Stoned Ethics

Most research today explores therapeutic and spiritual dimensions of the consumption of psychedelic substances. But psychedelics continue being used also as means of improving selves and communities or as means of reflection in order to take best possible decisions in a variety of circumstances. In this view, consuming psychedelics comes to be bound up with attempts to engage the old question animating ethics: How ought we live?

This question, of course, is not the pastime only of seasoned philosophers or of ordinary folks striving to be good (whatever that might mean within their circumstance). It also informs contemporary modes of (health or population) governance, responsibilizing individuals with continuously raising their efficiency or creativity in the name of living well.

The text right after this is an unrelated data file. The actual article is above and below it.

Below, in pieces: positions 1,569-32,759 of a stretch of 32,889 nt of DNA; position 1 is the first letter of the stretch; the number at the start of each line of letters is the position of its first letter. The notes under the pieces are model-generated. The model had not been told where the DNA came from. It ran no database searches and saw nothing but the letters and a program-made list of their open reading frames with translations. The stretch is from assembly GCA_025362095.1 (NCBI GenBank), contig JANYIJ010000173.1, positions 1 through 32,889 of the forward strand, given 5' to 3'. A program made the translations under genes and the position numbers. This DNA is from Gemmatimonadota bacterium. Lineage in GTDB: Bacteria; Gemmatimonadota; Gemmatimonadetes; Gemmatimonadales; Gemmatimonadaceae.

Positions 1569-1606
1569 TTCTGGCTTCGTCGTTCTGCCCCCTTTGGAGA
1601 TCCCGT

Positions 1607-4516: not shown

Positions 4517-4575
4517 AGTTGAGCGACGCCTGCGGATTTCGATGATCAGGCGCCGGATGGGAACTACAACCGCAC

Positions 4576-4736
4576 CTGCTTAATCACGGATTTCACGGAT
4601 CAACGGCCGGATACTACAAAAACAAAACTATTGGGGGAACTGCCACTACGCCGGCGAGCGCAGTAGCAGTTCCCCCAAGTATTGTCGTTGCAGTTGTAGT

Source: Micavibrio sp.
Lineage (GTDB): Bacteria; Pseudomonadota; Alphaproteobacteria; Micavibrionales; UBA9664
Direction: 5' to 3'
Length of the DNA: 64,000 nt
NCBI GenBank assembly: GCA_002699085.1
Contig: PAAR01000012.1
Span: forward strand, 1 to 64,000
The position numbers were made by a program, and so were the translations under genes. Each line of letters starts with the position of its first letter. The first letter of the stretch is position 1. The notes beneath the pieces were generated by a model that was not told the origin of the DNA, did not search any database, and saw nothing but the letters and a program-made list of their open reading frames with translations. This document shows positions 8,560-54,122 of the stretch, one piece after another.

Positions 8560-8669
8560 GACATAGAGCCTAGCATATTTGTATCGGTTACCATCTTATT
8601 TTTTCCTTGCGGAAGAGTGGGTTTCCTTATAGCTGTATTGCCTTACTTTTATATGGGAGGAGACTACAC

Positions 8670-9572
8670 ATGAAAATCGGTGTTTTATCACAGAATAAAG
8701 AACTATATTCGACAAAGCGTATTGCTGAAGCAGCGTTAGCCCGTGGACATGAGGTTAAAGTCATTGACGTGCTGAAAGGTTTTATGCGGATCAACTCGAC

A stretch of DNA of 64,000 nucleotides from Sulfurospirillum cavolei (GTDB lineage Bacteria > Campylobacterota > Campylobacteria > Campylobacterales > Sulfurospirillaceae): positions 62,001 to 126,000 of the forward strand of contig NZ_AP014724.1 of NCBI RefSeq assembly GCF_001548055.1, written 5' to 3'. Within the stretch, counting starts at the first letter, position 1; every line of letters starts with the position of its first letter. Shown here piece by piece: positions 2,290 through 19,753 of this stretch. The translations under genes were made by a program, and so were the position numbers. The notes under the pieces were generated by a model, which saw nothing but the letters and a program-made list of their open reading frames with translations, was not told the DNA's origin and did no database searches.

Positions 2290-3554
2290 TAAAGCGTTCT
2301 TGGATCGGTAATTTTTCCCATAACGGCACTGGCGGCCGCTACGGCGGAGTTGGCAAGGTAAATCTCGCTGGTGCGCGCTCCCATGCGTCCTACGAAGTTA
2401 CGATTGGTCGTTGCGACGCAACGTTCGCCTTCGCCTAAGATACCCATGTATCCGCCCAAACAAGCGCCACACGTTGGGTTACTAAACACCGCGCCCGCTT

In this talk, I reflect on the ambivalent role of psychedelics within contemporary attempts to attain the good life. Doing so, I show that psychedelics carry the potential to being both a means of stabilizing contemporary capitalism and of bringing about profound transformations. In addition, I call for rethinking, and finally taking serious, so-called ‘recreational’ use so as to account for the entanglement of fun and work, of letting go and embodying virtues that informs much psychedelic practice.

Arne Harms is a PostDoc Researcher at the Max Planck Institute for Social Anthropology, Halle/Saale. Trained as an environmental anthropologist, he currently researches ethics and everyday environmental activism as well coastal displacement between Europe and South Asia. On the side, he also writes on the Psychedelic Renaissance.


Glogauer Str. 21
10999 Berlin
Entrance 10 €
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